Comedian Chris Rock wasted no time in addressing the elephant in the room.
Rock, the host of Sunday night's 88th Academy Awards broadcast on ABC (dis), used his opening monologue to address the outcry over the fact that all of the acting nominees are white. Several major stars have either boycotted the show or simply made other plans for Sunday night, while the Rev. Al Sharpton also led a public demonstration protesting the event not far from the Dolby Theatre in Los Angeles, where the Oscars are being held.
Rock opened the night's festivities by acknowledging the #OscarsSoWhite controversy while joking about the number of black actors he spotted in the Oscars' opening montage. Rock then joked that the Academy Awards are "otherwise known as the White People's Choice Awards."
Rock, who previously hosted the Oscars in 2005, recapped the past month-and-a-half of controversy over the issue of diversity, noting that many people asked him if he would back out of his hosting gig. "I thought about quitting," Rock said. "I thought about it real hard."
Rock said he decided to host because he knew the Oscars would be held anyway, and "the last thing I need is lose another job to Kevin Hart."
Obviously, he instead opted to host the show and take the opportunity to address Hollywood's diversity issues head-on. "Is Hollywood racist? You're damn right Hollywood is racist," he said. He described the racism in Hollywood as not the "burning cross" kind. "Hollywood," he said, "is sorority racist. 'We like you Rhonda, but you're not a Kappa.'"
He also noted that black actors need to see more opportunities for movie roles. "We want opportunity," Rock said. "We want the black actors to get the same opportunities as white actors. That's it. And, not just once. Leo [DiCaprio] gets a great role every year!"
After the outcry over the nominations, last month, the Academy made what it called "sweeping" changes to its membership and governance structures in an attempt to address the organization's lack of diversity. Of course, even the Academy admitted that the changes would only affect future nominations and would have no effect on this year's awards. The 6,000-member Academy, which hosts the awards, is comprised of industry professionals from actors to producers to agents, and an overwhelming majority of the members are white and male, with a median age of 62.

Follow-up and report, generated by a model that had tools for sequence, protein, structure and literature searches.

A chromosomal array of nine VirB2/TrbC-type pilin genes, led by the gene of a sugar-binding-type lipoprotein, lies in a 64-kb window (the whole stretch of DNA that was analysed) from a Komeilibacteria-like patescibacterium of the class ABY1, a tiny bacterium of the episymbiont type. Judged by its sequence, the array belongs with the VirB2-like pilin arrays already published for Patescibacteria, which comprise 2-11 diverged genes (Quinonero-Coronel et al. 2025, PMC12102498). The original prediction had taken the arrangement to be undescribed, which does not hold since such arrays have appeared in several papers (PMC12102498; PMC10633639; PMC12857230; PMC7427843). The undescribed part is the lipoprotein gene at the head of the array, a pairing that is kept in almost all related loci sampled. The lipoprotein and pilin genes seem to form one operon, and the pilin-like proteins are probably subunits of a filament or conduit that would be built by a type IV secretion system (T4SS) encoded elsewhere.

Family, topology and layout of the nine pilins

Later in the show, Rock returned to continue the discussion and introduced a comedic montage showing several Oscar-nominated films that had been edited to include supporting performances from black comedians, including Whoopi Goldberg in Joy and Leslie Jones in The Revenant.
Not everyone enjoyed Rock's comedic take on Hollywood's diversity issue and the stars boycotting Sunday night's Oscars. Yahoo (yhoo) news anchor Katie Couric tweeted some disapproval of Rock's joke about Pinkett Smith's boycott:
Before the show even started, several celebrities discussed the diversity controversy during ABC's pre-Oscars red carpet coverage. Actress Kerry Washington, who is an Academy member, commented on her decision to attend the Oscars rather than boycotting: "I really want to be a part of the conversation to make sure that there's institutional change to make sure that we never have a year like this again."
Academy President Cheryl Boone Isaacs, speaking on the Oscars' red carpet before the show, admitted that the organization's move toward inclusiveness is an ongoing process. "We are going to continue to take action and not just speak," she told ABC's Robin Roberts.
Meanwhile, Rock's fellow comedian, Kevin Hart, called for the Oscar host to address Hollywood's diversity issue. "Address the elephant in the room," Hart said. "Make people feel awkward, uncomfortable."